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The story starts just before the Civil War, showing Fisk, Boyd, and Luke conning Southern townsfolk into buying bars of soap that, might, have a $10 gold piece inside. Found out, they're chased out of town and escape across the Mason-Dixon Line just as the war starts. Fisk hatches a plan for him and Boyd to return to the South and buy cotton then smuggle it to the North where Luke is to sell it to the Northern textile mills. By the end of the war they have made millions, only to find out that Luke had been re-investing their money into Confederate Bonds. This fact-based movie shows Jim Fisk as one of the greatest con-men and entrepreneur's in history. It concludes with his involvement in "Black Friday", the Financial Panic of 1869, with fellow financier Jay Gould (who's not represented in the movie) and their attempt to corner the U.S. gold market. There's a love triangle between Fisk, Boyd and Mansfield, which is also based on historical accounts. Written by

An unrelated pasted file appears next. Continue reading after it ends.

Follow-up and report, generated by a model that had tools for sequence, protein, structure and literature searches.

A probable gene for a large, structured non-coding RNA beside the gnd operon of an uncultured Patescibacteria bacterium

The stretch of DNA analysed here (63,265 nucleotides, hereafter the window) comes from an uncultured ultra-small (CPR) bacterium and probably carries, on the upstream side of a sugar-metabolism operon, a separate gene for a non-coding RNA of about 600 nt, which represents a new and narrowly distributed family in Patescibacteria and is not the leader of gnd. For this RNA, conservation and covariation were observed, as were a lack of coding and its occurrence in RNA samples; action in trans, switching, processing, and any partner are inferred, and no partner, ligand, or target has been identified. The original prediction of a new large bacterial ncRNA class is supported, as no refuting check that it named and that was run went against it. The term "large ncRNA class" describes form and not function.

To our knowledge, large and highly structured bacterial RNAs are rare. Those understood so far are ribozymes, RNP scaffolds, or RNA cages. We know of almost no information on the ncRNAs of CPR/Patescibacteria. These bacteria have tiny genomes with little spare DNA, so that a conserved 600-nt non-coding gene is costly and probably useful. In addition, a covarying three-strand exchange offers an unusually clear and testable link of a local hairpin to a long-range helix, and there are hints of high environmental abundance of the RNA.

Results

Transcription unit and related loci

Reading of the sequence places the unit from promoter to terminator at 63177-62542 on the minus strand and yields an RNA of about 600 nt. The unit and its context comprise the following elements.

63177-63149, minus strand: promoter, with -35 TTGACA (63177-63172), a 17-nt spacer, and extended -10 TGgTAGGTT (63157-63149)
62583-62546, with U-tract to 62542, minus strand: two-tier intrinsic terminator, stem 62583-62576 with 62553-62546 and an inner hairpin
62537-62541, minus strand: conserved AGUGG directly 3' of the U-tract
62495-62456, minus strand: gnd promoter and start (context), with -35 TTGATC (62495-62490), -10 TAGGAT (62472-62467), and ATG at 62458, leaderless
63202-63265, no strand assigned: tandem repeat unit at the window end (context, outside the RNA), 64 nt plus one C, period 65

Superficial, but enjoyable large-scale Hollywood entertainment
While this fact-based picture is wildly inaccurate in it's depiction Jim Fisk's life and death, THE TOAST OF NEW YORK remains an entertaining portrait of the financial scene in New York during the late 1800s. Three writers are credited with a screenplay that does not skimp on moral and financial complexities (although the film's romantic triangle is handled rather routinely), and director Robert V. Lee manages to keep everything moving at a brisk pace while effectively juggling piercing melodrama with lovely moments of light comedy. Edward Arnold and Frances Farmer contribute terrific performances, and Cary Grant is also memorable playing second banana to Arnold's Fisk - although no one else in the cast makes much of an impression. This lavish, expensively budgeted film was a box office flop when originally released, but it holds up quite nicely all these decades latter and deserves to be rediscovered by a larger audience.
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